In workplace cultures based on transparency and learning, one of the most important things you can do is ensure you and your staff have the ability to give and receive constructive feedback. However, there is no “one-size-fits-all” approach because every individual comes with their own temperament and personality.
For instance, you can enter a feedback session with a great attitude, logical reasoning and actionable outcomes, but if you don’t understand the psychology of the recipient and how that may impact your feedback, you’re likely going to miss the mark.
Here are a handful of things to consider before providing constructive feedback:
In feedback we trust.
There is a saying that goes, “Don’t take criticism from people you wouldn’t go to for advice.” This happens quite naturally in working environments where leaders/managers don’t have the respect of their teams.
Naturally, people don’t separate feedback from the person delivering it. If your team doesn’t see you as a credible source of knowledge and expertise, or if you have poor relationships with them in general, your feedback sessions aren’t going to land.
For constructive feedback to work, your team needs to trust that you have their best interests in mind and that your primary goal is to improve performance for the greater good of the team and business.
Confidence loves the negatives.
Psychologically, people who are more confident and have strong self-esteem are more inclined to respond well to constructive criticism. But these are two very challenging things to help another person achieve when you’re only in control of the work environment.
Interestingly enough, feedback sessions can end up being the best conduit for confidence because what makes constructive criticism good is that it includes strong examples and actionable outcomes. If the receiver of your feedback doesn’t leave the session with a clear understanding of what went wrong and how to fix it, you can imagine how quickly the dreaded imposter syndrome might kick in.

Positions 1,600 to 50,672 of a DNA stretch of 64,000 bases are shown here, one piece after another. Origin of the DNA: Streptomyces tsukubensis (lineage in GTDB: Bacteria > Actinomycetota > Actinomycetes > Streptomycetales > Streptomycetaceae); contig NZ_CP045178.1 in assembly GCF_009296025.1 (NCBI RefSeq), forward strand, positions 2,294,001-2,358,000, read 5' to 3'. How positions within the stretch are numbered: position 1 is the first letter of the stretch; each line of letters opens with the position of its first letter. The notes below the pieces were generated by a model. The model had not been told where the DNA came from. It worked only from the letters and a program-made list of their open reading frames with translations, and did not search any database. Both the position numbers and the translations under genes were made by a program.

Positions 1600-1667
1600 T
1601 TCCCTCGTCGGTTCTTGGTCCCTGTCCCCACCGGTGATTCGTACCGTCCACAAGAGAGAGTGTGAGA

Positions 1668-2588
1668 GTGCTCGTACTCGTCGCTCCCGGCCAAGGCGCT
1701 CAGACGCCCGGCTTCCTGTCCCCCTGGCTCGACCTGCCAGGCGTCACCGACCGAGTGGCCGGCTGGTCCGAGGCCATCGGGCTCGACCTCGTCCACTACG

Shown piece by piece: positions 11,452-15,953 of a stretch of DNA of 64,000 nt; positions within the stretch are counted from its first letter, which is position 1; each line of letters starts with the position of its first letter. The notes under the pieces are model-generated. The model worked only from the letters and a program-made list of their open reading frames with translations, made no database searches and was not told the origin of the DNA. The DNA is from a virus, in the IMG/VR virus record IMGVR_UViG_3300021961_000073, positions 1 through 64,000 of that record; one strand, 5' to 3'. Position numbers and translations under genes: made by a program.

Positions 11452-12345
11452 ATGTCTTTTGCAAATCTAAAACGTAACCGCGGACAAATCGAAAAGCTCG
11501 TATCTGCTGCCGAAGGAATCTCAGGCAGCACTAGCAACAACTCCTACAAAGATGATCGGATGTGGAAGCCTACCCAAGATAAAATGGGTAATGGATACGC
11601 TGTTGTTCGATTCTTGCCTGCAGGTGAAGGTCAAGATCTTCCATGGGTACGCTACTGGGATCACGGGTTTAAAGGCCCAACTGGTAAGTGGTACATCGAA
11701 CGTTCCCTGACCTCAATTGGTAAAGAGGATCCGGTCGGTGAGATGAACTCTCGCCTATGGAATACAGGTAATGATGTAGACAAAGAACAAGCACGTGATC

Although we aren’t able to support our staff 24/7, we still have the power to leave a positive impact in the workplace. For team members whom you feel require extra support, you can set up regular check-ins to ensure improvements are achieved, or be available to help them when they need it. And don’t forget to praise their efforts!
People know their pain points.
We might provide constructive feedback with the assumption that the recipient isn’t aware of the problem, but on most occasions, your staff will be aware of the issue but might not know how to respond or improve.
In cases like this, we see how important regular feedback sessions are. If you have team members who are aware of their pain points but aren’t addressing them with you, it’s up to you to ensure they feel confident in bringing their shortcomings to your attention.
As mentioned, the best constructive criticism focuses on positivity, reasoning and actionable outcomes. These elements foster trust and comfort in transparency, and thus, will mean your team is more inclined to discuss their pain points with you.
Great outcomes are created by good listeners.
Just as you have expectations of your team, they too have expectations of you. If we’re talking about building trust and confidence, what your team needs is a leader with great listening skills; someone who is willing to workshop ideas rather than dictate them.
Good constructive criticism isn’t just about providing advice and guidance. It’s about having open conversations about the feedback, allowing space for pushback and establishing how improvements can be achieved. The more time you spend listening equates to a greater sense of empowerment and appreciation, especially in typically uncomfortable situations.
At the end of the day, you need to ensure the recipient completely understands the feedback, agrees with it and buys into the course of action. Without that, you’re unlikely to see the results you had hoped for.
You might spend hours doing your research, putting together a great review session and making sure you have considered every element. But your efforts won’t bear fruit if you don’t listen, your team doesn't trust you, or they don’t have the confidence to receive feedback.
At Platinum Seed, we’ve had first-hand experience with the impact of constructive criticism. It isn’t always easy, especially within the marketing environment, but what we’ve built is an ecosystem of trust and transparency.
While we have, and are, benefiting from one of the most powerful and cost-effective tools for improving performance, so are our clients. With our ability to communicate, share ideas, discuss strategies and agree or disagree, we’ve been able to create brand adventures that truly make a difference.